A glaring “0 miles”marks a week in my December training log. From December 5 to 13 of last year (2016) I did not lace up my running shoes – not a single mile was run. After that zero mile week, I ran a fraction of my normal mileage for the next month. My recovery run distance became my long run for a solid month.
Why? I wasn’t injured, sick, or burnt out. I had just completed my goal race of the year, 26.2 miles at a pace fast enough to qualify for the Boston Marathon. I was in peak shape – so why take a break and not keep training, especially since I so quickly resumed training for a race after the break?
The emphasis on getting faster often focuses on the active part of training – the workouts, the mileage, the ancillary work. And while you certainly can’t run a fast half marathon without threshold training or a marathon without demanding long runs, these hard workouts would be less effective without taking breaks and focusing on recovery.
Breaks from running can occur on a weekly through annual/semi-annual basis. These are different types of breaks that achieve different purposes: better recovery between hard workouts, injury prevention, and a much-needed physical and mental break after a race.
Why Take Breaks from Running?
Most runners are hesitant to take scheduled breaks from running. Rest days make many of us antsy and full weeks off render even the sanest of runners completely stir-crazy. But there are benefits to not running, whether it’s for a day or a week.
Protect Your Immune System
Have you ever experienced the post marathon sniffles? I certainly have!
Intense exercise such as races, very hard speed workouts, or very long runs can temporarily suppress your immune system. Intense exercise floods your body with stress hormones, in order to get your body to heal those damaged muscles quickly. Your immune system responds by dealing with that stress first over other potential viruses and bacteria – thus increasing your chances of getting sick.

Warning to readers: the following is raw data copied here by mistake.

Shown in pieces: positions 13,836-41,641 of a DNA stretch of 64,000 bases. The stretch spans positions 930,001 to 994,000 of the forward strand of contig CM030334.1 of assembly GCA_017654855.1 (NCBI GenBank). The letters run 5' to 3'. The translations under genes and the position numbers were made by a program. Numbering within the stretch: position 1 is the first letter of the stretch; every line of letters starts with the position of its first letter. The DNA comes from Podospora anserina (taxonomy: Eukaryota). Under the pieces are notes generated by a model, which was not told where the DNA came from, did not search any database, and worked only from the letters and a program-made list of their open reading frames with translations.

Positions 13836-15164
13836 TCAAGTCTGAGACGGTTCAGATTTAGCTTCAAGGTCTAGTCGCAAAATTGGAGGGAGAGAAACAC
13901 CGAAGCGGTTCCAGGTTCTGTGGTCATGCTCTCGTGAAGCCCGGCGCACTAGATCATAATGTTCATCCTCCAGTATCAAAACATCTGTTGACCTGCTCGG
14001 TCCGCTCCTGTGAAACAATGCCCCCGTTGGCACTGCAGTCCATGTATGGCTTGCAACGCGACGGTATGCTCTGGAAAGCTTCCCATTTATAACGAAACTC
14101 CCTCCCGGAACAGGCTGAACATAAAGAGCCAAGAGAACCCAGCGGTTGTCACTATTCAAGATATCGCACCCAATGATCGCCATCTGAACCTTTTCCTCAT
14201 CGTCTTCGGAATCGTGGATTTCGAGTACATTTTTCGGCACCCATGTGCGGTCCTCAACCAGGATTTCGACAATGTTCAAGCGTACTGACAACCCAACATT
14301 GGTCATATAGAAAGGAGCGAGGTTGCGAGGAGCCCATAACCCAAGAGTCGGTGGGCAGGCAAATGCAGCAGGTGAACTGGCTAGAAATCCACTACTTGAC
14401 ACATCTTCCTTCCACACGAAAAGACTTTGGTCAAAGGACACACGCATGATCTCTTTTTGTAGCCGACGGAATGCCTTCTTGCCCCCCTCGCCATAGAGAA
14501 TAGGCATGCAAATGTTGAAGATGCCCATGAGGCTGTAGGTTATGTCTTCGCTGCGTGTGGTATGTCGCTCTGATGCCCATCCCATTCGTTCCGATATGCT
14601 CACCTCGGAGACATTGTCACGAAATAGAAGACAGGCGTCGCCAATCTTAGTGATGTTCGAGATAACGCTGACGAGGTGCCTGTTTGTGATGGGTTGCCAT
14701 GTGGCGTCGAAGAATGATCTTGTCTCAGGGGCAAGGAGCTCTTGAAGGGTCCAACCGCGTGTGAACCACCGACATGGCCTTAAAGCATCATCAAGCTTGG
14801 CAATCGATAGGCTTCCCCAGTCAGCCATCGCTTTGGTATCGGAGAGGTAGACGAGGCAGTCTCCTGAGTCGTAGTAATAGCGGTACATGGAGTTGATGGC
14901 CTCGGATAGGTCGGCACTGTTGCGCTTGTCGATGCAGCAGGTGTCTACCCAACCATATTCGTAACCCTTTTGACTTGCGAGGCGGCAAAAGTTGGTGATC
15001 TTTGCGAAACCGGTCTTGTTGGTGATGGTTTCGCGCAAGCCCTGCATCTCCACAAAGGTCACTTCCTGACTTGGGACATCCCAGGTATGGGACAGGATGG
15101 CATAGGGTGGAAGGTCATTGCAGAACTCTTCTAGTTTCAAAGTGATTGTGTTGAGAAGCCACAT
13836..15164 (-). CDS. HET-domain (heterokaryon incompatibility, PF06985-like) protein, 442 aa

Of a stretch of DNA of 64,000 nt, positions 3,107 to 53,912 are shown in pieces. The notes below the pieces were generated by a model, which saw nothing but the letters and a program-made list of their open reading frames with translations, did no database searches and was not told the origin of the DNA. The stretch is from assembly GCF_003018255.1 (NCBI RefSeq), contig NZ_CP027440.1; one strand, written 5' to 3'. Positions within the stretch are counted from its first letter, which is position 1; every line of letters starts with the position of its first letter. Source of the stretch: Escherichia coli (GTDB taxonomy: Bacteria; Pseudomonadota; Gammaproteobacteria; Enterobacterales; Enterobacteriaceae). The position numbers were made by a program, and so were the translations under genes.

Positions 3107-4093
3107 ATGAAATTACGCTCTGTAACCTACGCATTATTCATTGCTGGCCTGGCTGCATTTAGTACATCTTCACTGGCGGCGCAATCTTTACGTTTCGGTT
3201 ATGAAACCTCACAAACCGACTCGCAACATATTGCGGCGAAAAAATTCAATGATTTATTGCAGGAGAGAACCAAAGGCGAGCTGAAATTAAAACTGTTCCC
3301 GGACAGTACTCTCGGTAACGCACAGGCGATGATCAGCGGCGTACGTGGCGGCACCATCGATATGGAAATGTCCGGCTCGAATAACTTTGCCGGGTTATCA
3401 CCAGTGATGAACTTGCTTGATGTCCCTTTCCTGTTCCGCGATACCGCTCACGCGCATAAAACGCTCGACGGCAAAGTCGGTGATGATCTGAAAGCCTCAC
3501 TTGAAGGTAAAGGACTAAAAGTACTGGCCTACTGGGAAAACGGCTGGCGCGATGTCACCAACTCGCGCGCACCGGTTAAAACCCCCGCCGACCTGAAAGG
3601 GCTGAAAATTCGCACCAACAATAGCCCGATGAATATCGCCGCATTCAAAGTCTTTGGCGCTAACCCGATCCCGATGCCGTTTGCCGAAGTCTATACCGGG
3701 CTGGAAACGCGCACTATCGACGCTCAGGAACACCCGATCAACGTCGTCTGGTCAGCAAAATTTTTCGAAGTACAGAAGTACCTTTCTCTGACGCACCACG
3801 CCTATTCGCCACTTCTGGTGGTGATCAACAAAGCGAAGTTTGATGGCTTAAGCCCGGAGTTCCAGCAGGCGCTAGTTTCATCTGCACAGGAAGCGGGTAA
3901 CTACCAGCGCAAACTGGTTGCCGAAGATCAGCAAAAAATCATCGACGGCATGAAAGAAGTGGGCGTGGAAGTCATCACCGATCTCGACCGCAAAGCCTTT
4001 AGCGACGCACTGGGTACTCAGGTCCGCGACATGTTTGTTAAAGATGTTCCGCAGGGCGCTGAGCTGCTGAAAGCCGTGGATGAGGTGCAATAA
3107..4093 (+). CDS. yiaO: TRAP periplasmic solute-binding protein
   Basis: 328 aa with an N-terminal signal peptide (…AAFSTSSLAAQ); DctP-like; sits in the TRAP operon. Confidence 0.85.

While a suppressed immune system is mostly a problem after a race, if you train without sufficient breaks from running, your immune system is constantly suppressed until you just break down and get sick or experience chronic fatigue.
Avoid Mental Burnout and Overtraining
Training at the same mileage and intensity week after week, month after month can actually set you up for a plateau, mental burnout, or physical overtraining. A plateau occurs when you stop seeing improvement in your training. Mental burnout is that moment when you suddenly despise running and find excuses not to run whenever you can. Overtraining includes plateau and mental burnout, but also indicates a point of pushing your body too hard. The signs of overtraining include loss of appetite, changes in sleep habits, physical plateau, mental burnout, and unintentional changes in weight.
Weekly rest days will reduce the risk of a plateau, mental burnout and overtraining, but the best insurance against these is schedule longer breaks from your running. A few days completely off after a race and cutback weeks during training will give both your mind and body the recovery they need and keep you running for years to come.
Honestly, I sort of enjoy my breaks from running. I see them as a reward for working hard, and I’m more likely to stay disciplined through a training cycle and dig deep during a race if I know I will have a few days to rest.
Decreased Risk of Injury